An Eye-Opening Flight over the Okavango Delta

Aug 22, 2017 Safari Prep
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When he shared his agenda with me, and it was almost a mirror image of mine (except his involved helicopters and mine involved the Delta's most-prized safari camp), I knew we were on the same mission. It turned out he needed a place to stay and I needed a ride, so it was a no brainer to combine our efforts and fulfil all goals on a single itinerary.

Marc Stickler (primatologist, photographer and Nikon ambassador) and I got together with Helicopter Horizons’ manager and pilot, Andrew Baker to explore a few remote and totally untouched areas of the Okavango.

Fuel? Check...

Cameras? Check… (It looked like we were going to war, with a full set of Canons, Nikons and a highly prized Leica in the mix)

Satellite phone? Check...

Emergency kit and water? Check...

(And pretty much in that order of priorities too!)

A quick radio check with the tower and off to the Okavango we were headed for an epic aerial two-day photographic safari.

Doors off and cameras already buzzing we arrived right on the doorstep of our destination. The doorstep of not only one of the world’s most sought-after luxury safari destinations, but also some of Africa’s most amazing wildlife and picturesque landscapes. It's no wonder they crowned the Okavango Delta a UNESCO World Heritage Site in 2014, and Mombo won Travel + Leisure’s best hotel in the World 2013!

For me heading out on an aerial photographic safari with a globally-renowned wedding and wildlife photographer was a real treat and an opportunity to challenge my photographic skills against a real master.

Andrew, who has been flying the Delta for just over 20 years, assured us that we would be flying in totally remote and unutilised areas, a short flight away from Mombo Trails. This area, as Andrew tells me, is where they do quite a bit of their scenic flying. They’ve chosen this area as they know it doesn't disturb any ground safari goers, and the wildness – in his opinion – is unmatched.

Another interesting fact Andrew shared with me was that their choppers have flown over 100 hours in the first half of this year on wildlife operations alone. “We are based in all areas of the Delta and Linyanti so have eyes in the sky and are in constant communication with APU (Anti-Poaching Units) and the various conservation and research organisations,” Andrew explained. Our machines are in the air every day and the pilots have a keen eye for anything out of the norm. So a helicopter can be tasked at a moment’s notice to lend a hand, whether looking for a wayward rhino or assisting in darting operations for injured and endangered species.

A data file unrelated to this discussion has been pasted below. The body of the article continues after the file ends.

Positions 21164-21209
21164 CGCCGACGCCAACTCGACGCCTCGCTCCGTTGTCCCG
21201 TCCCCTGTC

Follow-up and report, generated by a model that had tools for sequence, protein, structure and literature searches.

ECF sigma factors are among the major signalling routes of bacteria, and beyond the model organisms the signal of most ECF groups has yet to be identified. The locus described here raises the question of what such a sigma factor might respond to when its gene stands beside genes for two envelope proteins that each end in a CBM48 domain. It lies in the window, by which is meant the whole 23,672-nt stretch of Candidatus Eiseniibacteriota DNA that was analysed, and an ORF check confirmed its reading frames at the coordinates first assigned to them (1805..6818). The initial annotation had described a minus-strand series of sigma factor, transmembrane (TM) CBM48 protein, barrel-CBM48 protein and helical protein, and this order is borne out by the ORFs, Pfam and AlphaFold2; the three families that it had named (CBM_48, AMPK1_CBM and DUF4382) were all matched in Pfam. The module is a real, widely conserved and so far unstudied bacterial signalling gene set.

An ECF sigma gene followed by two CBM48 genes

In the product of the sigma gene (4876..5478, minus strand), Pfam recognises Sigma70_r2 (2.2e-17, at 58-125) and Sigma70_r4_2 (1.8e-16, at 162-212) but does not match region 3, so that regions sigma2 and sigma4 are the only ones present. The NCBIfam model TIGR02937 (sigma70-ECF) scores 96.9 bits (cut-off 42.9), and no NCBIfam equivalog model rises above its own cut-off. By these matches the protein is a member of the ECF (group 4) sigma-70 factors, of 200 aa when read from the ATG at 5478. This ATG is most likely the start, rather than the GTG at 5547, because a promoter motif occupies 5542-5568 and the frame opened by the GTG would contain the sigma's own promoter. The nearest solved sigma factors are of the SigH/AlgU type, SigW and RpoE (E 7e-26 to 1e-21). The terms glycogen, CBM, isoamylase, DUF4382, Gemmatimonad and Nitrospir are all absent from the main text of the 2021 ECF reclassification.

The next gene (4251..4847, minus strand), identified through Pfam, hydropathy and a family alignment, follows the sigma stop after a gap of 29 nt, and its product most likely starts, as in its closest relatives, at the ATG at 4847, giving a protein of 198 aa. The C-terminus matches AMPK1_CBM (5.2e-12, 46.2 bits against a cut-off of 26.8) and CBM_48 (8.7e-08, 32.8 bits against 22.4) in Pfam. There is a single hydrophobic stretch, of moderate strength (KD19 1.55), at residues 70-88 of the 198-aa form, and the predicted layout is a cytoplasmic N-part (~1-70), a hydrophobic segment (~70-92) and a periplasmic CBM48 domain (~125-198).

To some, choppers represent noise and maybe even pollution, yet to us they provide a vital link in wildlife conservation. A link that none other can deliver in the remote and inaccessible outlying regions of the Delta.

Isn’t it incredible that our guests are now part of this exciting and vitally-important conservation “purpose” – this because every guest flight concentrates on flying in areas that are less-used – providing that daily eye-in-the-sky surveillance. Furthermore, each pilot is very experienced and knows and understands exactly what to look for, having contributed countless hours of volunteer rhino missions through donations by helicopter Horizons as needed. That presence is vital to the safekeeping of our precious Okavango Delta and its highly-prized inhabitants.

So not only does your Delta scenic flight offer you mind-blowing experiences, it also delivers a purpose for the greater good of sustainable tourism – and wildlife conservation specifically.

Next time you're in the Delta opt for a scenic and explore areas where man has never placed a foot, and the only footprints are from nature itself.

You can pre-book your scenic prior to travel, or on the ground during your journey, as you prefer.

Written and Photographed by Deon de Villiers 

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By Deon de Villiers

I have always had a passion for photographing wildlife and the natural world in any aspect. My aim has been to photograph the beauty around me and to ultimately build a database of images which will remind me of the road I have travelled... it's a personal thing, which luckily I am today able to share with those that are interested and who share the same passion. Today Kym and I live in Botswana with our two little children, and I manage the operations for number of Wilderness Safaris Delta based camps.

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